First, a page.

Have you ever been at the airport, gotten to security, and wasted so much time that you almost didn’t get to your gate on time? Or have you packed so much stuff that you had to decompress all of your things to a single carry-on because checking a bag would cost as much as $50 per segment? Or have you been like me and pulled out undergarments trying to get your laptop out of your bag per TSA rules? What about getting on the road and ending up with a dead cell phone?
Well, if you answered “YES!” to any of these questions then this blog is for you, my friend! Here are some personal tips (some may seem like common sense), but nonetheless have been super helpful to me that I’ve learned traveling on the reg’.
1. Find a way to fit all of your items in a carry-on, if possible.
Why? It’s easier to keep up with, usually lighter than 2 or 3 separate bags, and cheaper as most airlines don’t charge for a single carry on. This is also super helpful for road trips if you are traveling with multiple people and have limited cargo space. Me? I usually travel with a small purse and put it in my backpack to avoid flight attendants calling me out for having two personal items.
2. Get a backpack or travel bag that has a separate compartment for your laptop only.
This prevents you from pulling out clothes and personal items that are mixed in with your large electronics that have to be taken out and placed in a separate bin when going through security.
3. Travel with a fully charged iPhone as well as a BATTERY CELL or cell phone power stick.
No one wants to deal with getting off their flight, finding a power outlet, and waiting to get enough juice to make calls or arrange for an uber/lyft. You also don’t want to deal with this when using your cell phone as a GPS. The power sticks are super light and have been my most appreciated item for the reason my phone is my most used item while on the road. I paid $29 for mine at my local mall and recharge it at the end of every trip. The one above even acts as a Bluetooth speaker.
4. Take a light jacket and socks even if you’re going somewhere tropical and warm.
Cars, flights, restaurants, and the outdoors (really late or really early) tend to be where this comes into good practice. Plus, I hike a lot and always get dirty feet so I like a change of socks and/or shoes. I also think compression socks on long flights are also a good idea.
5. Purchase travel sized hand sanitizer and antibacterial wipes.
As a nurse, hand hygiene is one of the things I advocate to prevent spreading infectious bacteria. Airports always feel dirty. If you get a chance to be there to people watch, you’ll see why. I have a clip on hand sanitizer plus some wipes that were both less than $5.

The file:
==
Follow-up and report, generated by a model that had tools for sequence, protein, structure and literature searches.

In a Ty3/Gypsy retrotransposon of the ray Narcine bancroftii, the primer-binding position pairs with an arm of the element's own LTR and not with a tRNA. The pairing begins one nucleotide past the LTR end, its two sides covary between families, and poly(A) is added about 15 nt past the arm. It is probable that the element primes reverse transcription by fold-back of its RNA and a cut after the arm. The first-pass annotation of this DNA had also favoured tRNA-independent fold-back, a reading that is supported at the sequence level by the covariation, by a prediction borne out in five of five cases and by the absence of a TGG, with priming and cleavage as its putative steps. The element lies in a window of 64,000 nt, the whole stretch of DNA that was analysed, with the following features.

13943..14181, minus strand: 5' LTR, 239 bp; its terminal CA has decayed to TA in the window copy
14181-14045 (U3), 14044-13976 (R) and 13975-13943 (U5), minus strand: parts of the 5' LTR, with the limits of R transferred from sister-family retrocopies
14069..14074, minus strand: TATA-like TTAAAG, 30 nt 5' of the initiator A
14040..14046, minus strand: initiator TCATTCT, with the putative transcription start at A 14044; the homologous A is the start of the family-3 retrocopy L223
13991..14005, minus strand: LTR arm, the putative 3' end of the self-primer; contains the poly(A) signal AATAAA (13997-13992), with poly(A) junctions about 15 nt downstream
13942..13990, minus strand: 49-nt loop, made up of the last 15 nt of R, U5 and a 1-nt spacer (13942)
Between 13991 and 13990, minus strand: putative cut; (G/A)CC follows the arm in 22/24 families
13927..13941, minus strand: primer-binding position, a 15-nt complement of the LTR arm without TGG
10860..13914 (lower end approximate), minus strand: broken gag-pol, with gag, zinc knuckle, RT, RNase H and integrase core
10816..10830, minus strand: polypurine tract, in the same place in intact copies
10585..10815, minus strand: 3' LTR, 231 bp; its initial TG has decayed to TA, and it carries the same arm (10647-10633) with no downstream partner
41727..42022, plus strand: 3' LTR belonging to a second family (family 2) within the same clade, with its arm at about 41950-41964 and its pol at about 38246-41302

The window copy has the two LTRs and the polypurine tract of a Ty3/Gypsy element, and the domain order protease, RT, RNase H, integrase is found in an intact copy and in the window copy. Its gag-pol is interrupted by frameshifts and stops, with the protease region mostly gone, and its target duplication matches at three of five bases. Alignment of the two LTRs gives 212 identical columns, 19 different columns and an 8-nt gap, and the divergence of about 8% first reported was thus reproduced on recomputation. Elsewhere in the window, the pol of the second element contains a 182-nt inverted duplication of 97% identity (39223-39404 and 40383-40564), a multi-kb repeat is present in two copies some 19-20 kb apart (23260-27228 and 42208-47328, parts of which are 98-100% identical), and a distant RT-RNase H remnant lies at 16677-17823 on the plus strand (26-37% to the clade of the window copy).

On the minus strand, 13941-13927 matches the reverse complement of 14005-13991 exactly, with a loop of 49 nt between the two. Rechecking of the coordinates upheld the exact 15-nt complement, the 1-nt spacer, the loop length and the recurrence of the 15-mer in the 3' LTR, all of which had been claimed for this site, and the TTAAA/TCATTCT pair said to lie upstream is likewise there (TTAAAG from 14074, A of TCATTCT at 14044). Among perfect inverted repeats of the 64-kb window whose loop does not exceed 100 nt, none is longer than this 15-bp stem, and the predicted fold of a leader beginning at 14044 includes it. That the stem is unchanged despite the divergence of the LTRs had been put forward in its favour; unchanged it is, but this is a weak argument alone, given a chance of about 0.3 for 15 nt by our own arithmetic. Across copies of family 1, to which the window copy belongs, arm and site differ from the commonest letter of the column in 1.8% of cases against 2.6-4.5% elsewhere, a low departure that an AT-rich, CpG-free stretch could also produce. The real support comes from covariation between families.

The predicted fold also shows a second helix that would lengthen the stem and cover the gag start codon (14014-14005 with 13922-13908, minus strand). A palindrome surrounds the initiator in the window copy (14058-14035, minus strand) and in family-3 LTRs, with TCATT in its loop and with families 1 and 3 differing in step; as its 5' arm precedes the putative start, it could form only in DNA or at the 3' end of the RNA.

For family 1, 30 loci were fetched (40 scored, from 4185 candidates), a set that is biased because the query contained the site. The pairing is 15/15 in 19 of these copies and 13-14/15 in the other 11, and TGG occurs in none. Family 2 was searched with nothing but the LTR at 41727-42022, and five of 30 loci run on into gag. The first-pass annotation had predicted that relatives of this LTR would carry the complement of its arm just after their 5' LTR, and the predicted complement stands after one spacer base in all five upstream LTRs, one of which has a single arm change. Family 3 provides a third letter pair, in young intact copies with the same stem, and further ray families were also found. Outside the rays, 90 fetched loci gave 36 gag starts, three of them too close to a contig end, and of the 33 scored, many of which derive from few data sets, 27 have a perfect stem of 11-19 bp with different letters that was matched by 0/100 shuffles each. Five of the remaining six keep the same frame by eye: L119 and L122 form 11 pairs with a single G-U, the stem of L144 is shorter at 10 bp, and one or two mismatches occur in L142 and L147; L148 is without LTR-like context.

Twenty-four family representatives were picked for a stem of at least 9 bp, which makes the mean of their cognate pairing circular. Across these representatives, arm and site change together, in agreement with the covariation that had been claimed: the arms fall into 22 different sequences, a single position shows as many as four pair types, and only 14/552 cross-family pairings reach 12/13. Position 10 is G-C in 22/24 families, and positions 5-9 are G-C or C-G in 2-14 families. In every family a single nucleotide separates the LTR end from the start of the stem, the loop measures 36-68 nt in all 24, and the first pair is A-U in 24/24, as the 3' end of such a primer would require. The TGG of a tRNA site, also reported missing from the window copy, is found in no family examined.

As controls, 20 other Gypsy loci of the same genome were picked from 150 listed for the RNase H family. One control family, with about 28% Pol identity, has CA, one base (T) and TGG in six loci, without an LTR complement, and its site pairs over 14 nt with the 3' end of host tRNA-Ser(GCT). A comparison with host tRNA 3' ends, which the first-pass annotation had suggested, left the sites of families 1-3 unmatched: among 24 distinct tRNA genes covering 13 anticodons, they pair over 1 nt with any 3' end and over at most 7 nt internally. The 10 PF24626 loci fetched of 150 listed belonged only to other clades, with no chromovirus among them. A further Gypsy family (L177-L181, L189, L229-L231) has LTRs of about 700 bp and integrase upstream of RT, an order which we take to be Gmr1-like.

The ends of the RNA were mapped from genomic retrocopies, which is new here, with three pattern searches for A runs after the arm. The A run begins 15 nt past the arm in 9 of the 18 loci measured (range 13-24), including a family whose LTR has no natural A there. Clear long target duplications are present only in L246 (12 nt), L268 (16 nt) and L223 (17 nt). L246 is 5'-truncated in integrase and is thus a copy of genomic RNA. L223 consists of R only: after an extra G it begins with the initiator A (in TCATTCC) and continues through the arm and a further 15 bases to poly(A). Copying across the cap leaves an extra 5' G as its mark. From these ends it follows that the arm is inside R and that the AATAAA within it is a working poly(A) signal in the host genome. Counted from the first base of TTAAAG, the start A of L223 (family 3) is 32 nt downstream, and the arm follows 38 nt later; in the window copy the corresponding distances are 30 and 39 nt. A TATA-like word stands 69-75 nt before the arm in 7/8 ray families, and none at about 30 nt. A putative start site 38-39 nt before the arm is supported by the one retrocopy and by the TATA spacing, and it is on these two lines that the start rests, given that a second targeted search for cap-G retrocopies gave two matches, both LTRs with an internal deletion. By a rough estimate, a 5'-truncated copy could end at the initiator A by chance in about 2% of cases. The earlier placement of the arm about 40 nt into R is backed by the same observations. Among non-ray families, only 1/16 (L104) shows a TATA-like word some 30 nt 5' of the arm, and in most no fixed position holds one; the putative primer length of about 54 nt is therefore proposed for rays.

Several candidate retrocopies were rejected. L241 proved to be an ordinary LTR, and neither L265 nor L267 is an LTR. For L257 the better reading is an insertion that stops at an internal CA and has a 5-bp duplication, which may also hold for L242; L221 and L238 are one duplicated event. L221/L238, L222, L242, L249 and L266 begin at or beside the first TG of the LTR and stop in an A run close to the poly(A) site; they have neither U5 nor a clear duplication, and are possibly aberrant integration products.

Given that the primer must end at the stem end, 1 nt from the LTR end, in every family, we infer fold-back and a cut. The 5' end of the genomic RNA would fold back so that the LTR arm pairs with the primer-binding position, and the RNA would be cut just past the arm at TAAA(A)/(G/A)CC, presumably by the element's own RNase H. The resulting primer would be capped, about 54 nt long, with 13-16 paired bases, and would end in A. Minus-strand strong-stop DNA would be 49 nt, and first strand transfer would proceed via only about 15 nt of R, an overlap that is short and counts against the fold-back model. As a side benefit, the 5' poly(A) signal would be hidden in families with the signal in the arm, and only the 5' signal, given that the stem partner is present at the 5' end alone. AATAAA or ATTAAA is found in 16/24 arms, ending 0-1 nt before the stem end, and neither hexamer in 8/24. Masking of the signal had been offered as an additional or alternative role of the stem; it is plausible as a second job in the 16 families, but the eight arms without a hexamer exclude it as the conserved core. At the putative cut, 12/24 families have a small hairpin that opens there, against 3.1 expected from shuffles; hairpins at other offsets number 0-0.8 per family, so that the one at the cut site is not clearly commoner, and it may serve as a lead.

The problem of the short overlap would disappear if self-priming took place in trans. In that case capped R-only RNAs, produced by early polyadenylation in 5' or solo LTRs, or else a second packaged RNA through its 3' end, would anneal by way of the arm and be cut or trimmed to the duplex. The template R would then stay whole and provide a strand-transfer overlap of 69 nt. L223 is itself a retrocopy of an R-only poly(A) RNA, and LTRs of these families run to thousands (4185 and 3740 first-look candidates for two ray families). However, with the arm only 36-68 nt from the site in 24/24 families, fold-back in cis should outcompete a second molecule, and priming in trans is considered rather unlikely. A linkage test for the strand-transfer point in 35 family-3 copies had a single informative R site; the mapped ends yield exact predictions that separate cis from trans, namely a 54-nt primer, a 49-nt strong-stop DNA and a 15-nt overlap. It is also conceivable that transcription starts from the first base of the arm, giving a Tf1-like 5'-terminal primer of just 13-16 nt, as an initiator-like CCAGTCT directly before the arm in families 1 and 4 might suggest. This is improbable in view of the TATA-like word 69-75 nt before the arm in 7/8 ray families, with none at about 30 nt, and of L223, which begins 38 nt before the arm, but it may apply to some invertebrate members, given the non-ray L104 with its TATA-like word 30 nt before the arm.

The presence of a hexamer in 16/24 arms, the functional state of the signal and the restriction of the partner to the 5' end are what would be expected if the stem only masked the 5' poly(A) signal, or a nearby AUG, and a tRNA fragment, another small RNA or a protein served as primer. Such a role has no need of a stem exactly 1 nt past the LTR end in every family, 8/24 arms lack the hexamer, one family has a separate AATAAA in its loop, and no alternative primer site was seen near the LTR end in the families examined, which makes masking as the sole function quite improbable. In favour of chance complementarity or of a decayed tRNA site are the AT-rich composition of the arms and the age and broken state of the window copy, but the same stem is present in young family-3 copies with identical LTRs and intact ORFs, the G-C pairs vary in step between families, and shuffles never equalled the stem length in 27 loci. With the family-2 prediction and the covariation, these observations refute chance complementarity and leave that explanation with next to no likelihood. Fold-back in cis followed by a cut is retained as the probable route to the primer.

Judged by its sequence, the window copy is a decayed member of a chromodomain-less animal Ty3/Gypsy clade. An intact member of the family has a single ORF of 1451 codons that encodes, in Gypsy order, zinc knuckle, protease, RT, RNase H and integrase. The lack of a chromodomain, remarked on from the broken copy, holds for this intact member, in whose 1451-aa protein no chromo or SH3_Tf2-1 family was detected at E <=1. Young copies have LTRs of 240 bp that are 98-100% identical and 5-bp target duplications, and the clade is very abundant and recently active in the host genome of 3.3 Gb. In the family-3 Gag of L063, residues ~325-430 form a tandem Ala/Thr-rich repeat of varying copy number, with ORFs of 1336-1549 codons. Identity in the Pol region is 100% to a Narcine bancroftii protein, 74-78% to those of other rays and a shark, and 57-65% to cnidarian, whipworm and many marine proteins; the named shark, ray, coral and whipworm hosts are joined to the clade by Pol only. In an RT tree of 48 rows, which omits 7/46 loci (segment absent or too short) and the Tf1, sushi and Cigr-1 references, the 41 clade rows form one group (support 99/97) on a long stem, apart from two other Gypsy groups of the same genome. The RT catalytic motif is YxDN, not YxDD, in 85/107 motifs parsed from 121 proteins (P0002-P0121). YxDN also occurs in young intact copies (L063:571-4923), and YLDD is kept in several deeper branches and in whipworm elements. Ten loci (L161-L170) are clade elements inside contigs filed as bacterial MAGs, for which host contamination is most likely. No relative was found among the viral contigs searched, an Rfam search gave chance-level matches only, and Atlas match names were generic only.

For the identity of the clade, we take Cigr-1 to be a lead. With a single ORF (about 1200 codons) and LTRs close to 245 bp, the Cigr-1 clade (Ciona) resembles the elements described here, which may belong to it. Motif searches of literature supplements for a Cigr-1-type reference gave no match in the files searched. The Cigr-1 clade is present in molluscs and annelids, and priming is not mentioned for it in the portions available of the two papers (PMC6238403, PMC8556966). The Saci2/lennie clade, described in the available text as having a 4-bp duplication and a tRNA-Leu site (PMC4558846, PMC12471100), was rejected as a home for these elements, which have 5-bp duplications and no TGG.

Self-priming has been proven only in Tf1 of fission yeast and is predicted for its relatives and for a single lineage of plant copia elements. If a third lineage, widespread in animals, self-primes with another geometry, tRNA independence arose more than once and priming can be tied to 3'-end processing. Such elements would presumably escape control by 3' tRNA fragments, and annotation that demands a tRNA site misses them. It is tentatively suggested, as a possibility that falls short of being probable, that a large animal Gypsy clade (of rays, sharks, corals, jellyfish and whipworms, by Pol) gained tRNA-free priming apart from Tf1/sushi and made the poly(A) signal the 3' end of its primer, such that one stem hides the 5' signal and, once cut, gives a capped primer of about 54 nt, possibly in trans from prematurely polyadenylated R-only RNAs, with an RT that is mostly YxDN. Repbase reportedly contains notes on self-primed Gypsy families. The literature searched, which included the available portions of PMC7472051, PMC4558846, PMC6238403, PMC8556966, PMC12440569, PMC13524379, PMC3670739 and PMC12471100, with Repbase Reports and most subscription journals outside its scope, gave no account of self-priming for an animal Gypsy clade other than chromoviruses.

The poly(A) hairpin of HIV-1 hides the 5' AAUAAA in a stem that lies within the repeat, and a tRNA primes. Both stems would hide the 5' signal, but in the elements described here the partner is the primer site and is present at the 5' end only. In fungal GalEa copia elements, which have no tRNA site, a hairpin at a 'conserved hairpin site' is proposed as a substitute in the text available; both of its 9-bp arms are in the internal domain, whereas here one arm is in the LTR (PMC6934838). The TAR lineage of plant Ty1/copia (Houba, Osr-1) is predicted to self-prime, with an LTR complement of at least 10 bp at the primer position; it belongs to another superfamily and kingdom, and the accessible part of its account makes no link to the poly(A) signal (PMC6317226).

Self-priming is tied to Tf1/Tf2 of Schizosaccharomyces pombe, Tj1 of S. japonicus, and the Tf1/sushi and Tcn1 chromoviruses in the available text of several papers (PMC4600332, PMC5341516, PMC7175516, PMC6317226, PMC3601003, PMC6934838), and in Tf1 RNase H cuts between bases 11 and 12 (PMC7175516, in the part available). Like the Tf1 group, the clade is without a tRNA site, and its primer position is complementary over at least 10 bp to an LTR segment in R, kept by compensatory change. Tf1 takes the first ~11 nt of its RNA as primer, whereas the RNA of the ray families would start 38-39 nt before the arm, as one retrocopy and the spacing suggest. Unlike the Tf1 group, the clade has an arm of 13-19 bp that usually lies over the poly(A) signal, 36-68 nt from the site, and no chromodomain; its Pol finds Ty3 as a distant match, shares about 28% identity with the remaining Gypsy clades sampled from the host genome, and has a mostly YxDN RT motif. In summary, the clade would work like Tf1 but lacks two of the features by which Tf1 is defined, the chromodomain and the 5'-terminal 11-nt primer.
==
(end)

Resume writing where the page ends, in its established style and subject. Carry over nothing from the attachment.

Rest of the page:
6. Organize your most used travel apps into one folder. Try your smart phone “wallet” feature.
I frequently uber/lyft from the airport as well as use Kayak to price check flights and hotels. I also use AA when booking direct American Airlines flights, checking in, or saving my boarding pass. My apps and phone save me time by allowing me to use my wallet to have my boarding pass handy without ever waiting in line at a kiosk. I also use my credit cards saved to my wallet to use wallet pay and apple pay. Most business that have wifi have this as an option. My time saving tip: organize these apps into a travel folder next to your wallet app icon, then save your boarding pass to your wallet.
7. Use travel insurance when you aren’t 100% sure you will be able to make the trip.
I recently booked a EuroTrip and used Allianz Global to protect my flight in case of interruption. Surprise! We had to see the doctor the day of our flight, provided our paperwork, and got the full flight price refunded as the excuse was covered in our policy.
8. Check in soon as 24 hours from your flight departure.
You are more likely to get a better seat sooner compared to someone checking in 1 hour before the flight because of less seating options at that point.
9. Have a designated place for your passport, ID, or other important documents.
Please realize how important your passport and ID’s are especially when travelling abroad. Becoming separated from a passport can cost you tremendous money, time, and stress if you have to stay abroad longer than planned because of this so I recommend a waterproof pouch that is secured and won’t leave your possession under any normal situation.
10. Be organized and be sure to enjoy yourself!
You don’t always have to have a detailed itinerary, but having some knowledge on where you’re going is definitely advised. You want to know the big landmarks, local cuisines, and be realistic on travel time between points of interest. Miles or kilometers doesn’t always matter in the city, so when I look at hotels or regions I will calculate travel time to the points of interest. Going back to packing in an organized manner, I recommend packing cubes or rolling outfits into a round roll to decompress and save room. Pick a bag with pockets, compartments, and durability based on your needs. The cutest bag isn’t always the most functional!
Happy travels: hope this was useful to you!
Drop some comments of what YOU recommend to travel easier as I’m always looking to learn something new as well.
As always, be sure to check me out on instagram! BigWorldLittleGirl
Want more budget friendly tips? Traveling on A Budget is another recent blog I dedicated with more details to make your travels more affordable.